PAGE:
Cross-Country Driving to Attend the 2012 USITT Conference

USITT Conference in Long Beach Convention Center

Thanks for bearing with this blog while I took a couple-weeks hiatus from the primary subject of technical theatre and lighting.  I just arrived back home Thursday evening after traveling to Long Beach for the 2012 USITT Conference.  Partially to save money, partially to visit my daughter, son-in-law and grandkids and partially just for the fun of it, I chose to drive.  I broke the trip up into two segments each way driving from Des Moines, Iowa to Grand Junction, Colorado, then Grand Junction, Colorado to Long Beach California…and vise verse.   Following are some of the basic statistics of the trip:

  • Total Round Trip Distance:  3443 miles
  • Total Gas Used:  122 gal
  • Average Gas Mileage: 28.22
  • Total Cost of Gas: $490
  • Driving Time: 50 hours
  • Average Speed: 69 mph
  • Route:  I-80/I-76/I-70/I-15

Some Observations That I Made Along the Way.

  • There is a spectacular 10 or more mile section of the westbound lanes of I-70  near Glenwood Springs, Colorado which pass through Hanging Lake Tunnel.  The road seems to cling to the south face of the mountain and  to cantilever over the eastbound lanes (which go around the mountain instead of through a tunnel)
  • I-70 Eastbound in Utah

    When I drove I-70 westbound through Utah, I did so in the dark.  Navigating that stretch of interstate at night was like riding Disney World’s Space Mountain roller-coaster.  The same stretch of highway eastbound in the mid-afternoon revealed a roadbed winding among a crazy-quilt of exposed rock strata escarpments.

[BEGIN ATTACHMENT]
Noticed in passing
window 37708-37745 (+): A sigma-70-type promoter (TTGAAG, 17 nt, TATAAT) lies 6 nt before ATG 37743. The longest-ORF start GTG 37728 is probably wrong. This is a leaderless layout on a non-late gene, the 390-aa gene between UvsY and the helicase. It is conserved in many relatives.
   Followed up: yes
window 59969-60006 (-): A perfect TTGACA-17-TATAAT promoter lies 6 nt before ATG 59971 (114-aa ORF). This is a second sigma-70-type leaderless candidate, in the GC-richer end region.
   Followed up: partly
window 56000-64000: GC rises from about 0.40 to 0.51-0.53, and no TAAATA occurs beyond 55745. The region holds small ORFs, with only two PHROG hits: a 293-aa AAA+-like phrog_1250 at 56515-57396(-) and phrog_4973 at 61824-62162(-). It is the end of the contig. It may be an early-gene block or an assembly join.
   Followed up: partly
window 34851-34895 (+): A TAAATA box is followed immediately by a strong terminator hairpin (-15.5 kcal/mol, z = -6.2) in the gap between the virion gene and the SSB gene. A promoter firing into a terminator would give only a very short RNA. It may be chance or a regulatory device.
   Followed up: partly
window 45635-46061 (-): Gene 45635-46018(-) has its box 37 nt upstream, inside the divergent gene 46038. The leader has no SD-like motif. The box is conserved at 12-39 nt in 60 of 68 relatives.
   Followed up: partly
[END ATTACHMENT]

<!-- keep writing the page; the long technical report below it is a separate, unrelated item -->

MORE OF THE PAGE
• I was struck by the brutal majesty of the landscape along I-70 and I-15 through  Utah, Arizona and Nevada.
  • Approaching Las Vegas on I-15, the city appears in a slight bowl about half-an-hour before you get to it.  On March 27th, from that initial vantage point, Vegas appeared to sit in an indentation and to be surrounded by a smudge of brown air.
  • White-out in Nevada

    It snowed much of my return trip along I-15 between Las Vegas and I-70.  At one point, the snow was so bad that I was experiencing near-white-out conditions.  Luckily the air temperature stayed above 32 degrees and the road-bed didn’t freeze!

  • The landscape along I-15 through much

    Landscape east of LA

    of California reminded me of the movie Holes.

  • On the return trip along I-76 through eastern Colorado and I-80 through Nebraska I must have passed thousands of fields with pivot irrigation systems.  I didn’t notice them so much on the western trip, but one field in Colorado caught my attention.  It was an arc of bright green along the highway and literally covered with hundreds (maybe thousands) of black cattle.
  • Iowa windfarm along I-80

    On both sides of I-80 through western Iowa is the remarkable and stunning testament to the quest for renewable, green energy in the form of forests of behemoth wind generation towers.  They loomed out of the mists and darkness on my westward journey, and stood  simultaneously windmilling in stark profile against the eastern sky.

  • Every improved rest stop that I had the fortune to stop at along the route was clean and well-appointed.  A far cry from the pit toilet rest stops of my youth.  Many of them seemed brand new…perhaps one of the most useful legacies of the economic stimulus package.